So whether it’s Walk like an Egyptian, When Doves Cry, Voodoo Child, Like A Rolling Stone, Just Died In Your Arms Tonight, Bochum, Don’t Let The Sun Go Down On Me, What A Wonderful World, Dancing With Tears In My Eyes, Heroes, Unbelievable, Purple Rain, Firestarter, I Will Always Love You, You Are Not Alone, Welcome To The Jungle, Personal Jesus, Insane In The Brain, When Will I Be Famous, König von Deutschland, End Of The Road, Loser, Killing In The Name Of, or Come As You Are … there’s probably a million stories secured in a million hearts and connected to one or more of these songs, maybe even one or more per specific lyric line.

And that’s the sole, but powerful beauty of “Lieder”.

No, allow me to correct myself, there is indeed another beauty to it: It makes me look forward to the day when my two little ones are big and (hopefully) interested enough in all those pearls that He-who-must-not-be-listened-to is singing about, maybe even like one or the other song or story. And probably the song “Lieder” itself will, whether I like it or not, become a new link in my chain of songs worth remembering – not because they were especially great, but because they remind me of special moments of my life.

Like sitting at the breakfast table, morning in, morning out, with two little voices of Germany listening to, watching and reciting  this tune, regardless of the tight schedule before school-kindergarden-work. And reminiscing stories, thoughts, dreams and feelings surfacing after ages of subconscious burial.

After all, with music, it’s like with important scents in our lives: Even though in hindsight they might actually stink, they take you back decades in a flash … and memory is indeed a gracious, merciful and forgiving companion.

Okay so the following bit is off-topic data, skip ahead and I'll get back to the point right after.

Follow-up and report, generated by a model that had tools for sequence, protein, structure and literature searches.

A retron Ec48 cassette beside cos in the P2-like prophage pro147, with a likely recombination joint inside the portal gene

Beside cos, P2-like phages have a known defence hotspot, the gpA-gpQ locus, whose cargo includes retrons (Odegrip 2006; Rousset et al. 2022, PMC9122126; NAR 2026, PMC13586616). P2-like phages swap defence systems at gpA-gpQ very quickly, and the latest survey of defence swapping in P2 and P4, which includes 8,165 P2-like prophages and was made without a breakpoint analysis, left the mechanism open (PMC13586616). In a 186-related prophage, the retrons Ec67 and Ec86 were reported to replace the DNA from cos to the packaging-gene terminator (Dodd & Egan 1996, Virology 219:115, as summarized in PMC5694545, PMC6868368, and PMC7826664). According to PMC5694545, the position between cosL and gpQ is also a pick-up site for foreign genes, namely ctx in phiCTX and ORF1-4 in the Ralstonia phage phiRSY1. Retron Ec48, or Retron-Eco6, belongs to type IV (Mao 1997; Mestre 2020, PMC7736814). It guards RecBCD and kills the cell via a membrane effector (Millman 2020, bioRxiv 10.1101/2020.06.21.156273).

5 thoughts on “Confessions from a Breakfast Table

  1. The infamous power of the pop music industry should never be underestimated. By simply investing enough marketing money in these third class pop music productions they could sell anything, which for me is proven by the popularity of their productions, the hinted singer included. Quality is not an issue.

    It is a few years since, but a brief acquaintance of mine, a top manager of a record company in Hamburg, was fighting with the downfall of the pop recording industry at that time. He made it clear that they were very aware that the descent was their own doing by closing the doors for real musician’s ideas and songs, whoops I mean Lieder. That is why the real Liedermacher today are so few and far between, that is why they have to copy US and English songs, because they know it has a chance of being a hit once again. Sad but true, but it seems to be correct ‘money makes the world go round’, Quality it not an issue, but repetition is.

    Unfortunately I have no idea why melody and creative ideas are far and few between in German pop songs, perhaps that is why the producers emphasize the actual voice if it is German text, and emphasize it so intensely as though the text was from Brecht, Böll, Mann, or Gottfried Herder etc., either for those listeners who do not understand English or to override the missing musical creativeness.

    I myself am nauseated by the products of those radio stations that support the record industry, but of course that is probably what their listeners want to hear. If I am objective though, it is no doubt the same in all countries in some form or another, and I must admit they do risk playing a few good pop songs every now and again possibly to get folks like me excited for a moment, but no doubt, and probably, it only happens if the record industry is getting a slice of the cake.

    So it is a fact that repetition is the key on those radio stations, not everyone can rescue themselves and listen in a wider spectrum.

    Therefor maybe I should just let the Rubel & Yen & Euro, and not to forget Dollar, roll and accept that is the way things are.

    Quality it not an issue, but repetition is, ‘money makes the world go round’, Not only the young are suggestible without effort.